One in four victims of interpersonal violence in Connecticut have been threatened by their abuser with a gun, according to a new Yale University study. Yale researchers interviewed 298 women in the Greater New Haven, Connecticut area who were recent victims in criminal domestic violence cases involving male intimate partners to determine the prevalence of firearm threats.

Of those women surveyed, 24.2 percent said they had been threatened by their partner with a firearm. One-fifth of women indicated that their partner had owned a firearm during the course of their relationship. Of those surveyed whose partners did not own a firearm, half of the women believed their partner could easily acquire a firearm if they desired one.

In October, 2016, a new law went into effect in Connecticut, requiring a person to surrender their firearms if they are the subject of a temporary restraining order. Often it is the victim who provides the court with information about whether the subject of a restraining order possesses firearms. Victims routinely provide information about the number, type and location of firearms in the restrained person’s possession. Despite this, victims in Connecticut do not receive notification regarding a defendant’s compliance with the requirement to surrender or transfer those firearms. Currently, even if a victim seeks information from law enforcement they will be told that this information is confidential.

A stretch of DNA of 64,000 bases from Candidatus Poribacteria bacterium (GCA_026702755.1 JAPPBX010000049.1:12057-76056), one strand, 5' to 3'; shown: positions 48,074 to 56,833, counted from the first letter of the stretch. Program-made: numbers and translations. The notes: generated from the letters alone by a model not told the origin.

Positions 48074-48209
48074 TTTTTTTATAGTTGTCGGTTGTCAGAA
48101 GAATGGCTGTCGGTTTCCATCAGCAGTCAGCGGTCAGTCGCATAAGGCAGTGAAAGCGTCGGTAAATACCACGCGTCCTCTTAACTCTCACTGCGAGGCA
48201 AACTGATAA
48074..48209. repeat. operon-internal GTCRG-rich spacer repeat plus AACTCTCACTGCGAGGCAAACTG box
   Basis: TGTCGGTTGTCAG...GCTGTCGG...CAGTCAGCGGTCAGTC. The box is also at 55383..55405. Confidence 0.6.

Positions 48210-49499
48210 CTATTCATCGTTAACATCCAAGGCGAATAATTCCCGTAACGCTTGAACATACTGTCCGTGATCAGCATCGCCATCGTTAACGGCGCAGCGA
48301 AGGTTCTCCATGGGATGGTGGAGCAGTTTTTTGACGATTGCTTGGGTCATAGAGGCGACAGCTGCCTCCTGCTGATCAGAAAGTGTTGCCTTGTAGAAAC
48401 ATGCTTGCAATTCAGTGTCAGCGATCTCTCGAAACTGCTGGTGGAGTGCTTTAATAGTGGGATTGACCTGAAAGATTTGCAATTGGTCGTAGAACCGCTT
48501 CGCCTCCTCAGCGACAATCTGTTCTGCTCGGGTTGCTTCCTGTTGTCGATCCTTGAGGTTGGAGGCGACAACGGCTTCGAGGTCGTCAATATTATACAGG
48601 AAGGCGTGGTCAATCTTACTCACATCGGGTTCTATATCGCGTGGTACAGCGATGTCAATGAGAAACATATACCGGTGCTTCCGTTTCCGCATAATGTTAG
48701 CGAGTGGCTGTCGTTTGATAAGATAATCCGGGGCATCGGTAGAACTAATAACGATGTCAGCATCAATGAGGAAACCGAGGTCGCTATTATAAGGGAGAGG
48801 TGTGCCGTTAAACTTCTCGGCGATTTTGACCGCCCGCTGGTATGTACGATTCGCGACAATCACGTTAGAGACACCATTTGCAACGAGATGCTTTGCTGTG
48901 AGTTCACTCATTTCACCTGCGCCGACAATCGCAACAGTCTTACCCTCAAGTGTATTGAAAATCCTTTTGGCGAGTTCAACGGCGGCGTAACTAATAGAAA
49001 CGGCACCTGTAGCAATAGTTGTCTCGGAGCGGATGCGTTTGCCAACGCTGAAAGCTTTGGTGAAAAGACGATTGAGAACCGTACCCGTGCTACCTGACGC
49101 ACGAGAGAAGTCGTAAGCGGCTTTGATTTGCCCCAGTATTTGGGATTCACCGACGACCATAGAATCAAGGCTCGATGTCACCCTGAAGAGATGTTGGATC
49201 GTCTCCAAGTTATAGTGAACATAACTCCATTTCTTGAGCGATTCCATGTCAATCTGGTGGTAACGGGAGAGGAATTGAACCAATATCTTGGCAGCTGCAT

Senate Bill 980 seeks to provide victims with some small measure of safety, by creating an obligation for the Commissioner of Emergency Services and Public to Protection to notify individuals protected by restraining or protective orders whether the subject of that order complied with firearm surrender. Senate Bill 980 is currently under consideration before the General Assembly in Connecticut.

To view the Yale study published by the journal Violence and Gender, click here. The Senate Bill 980 can be found here here.

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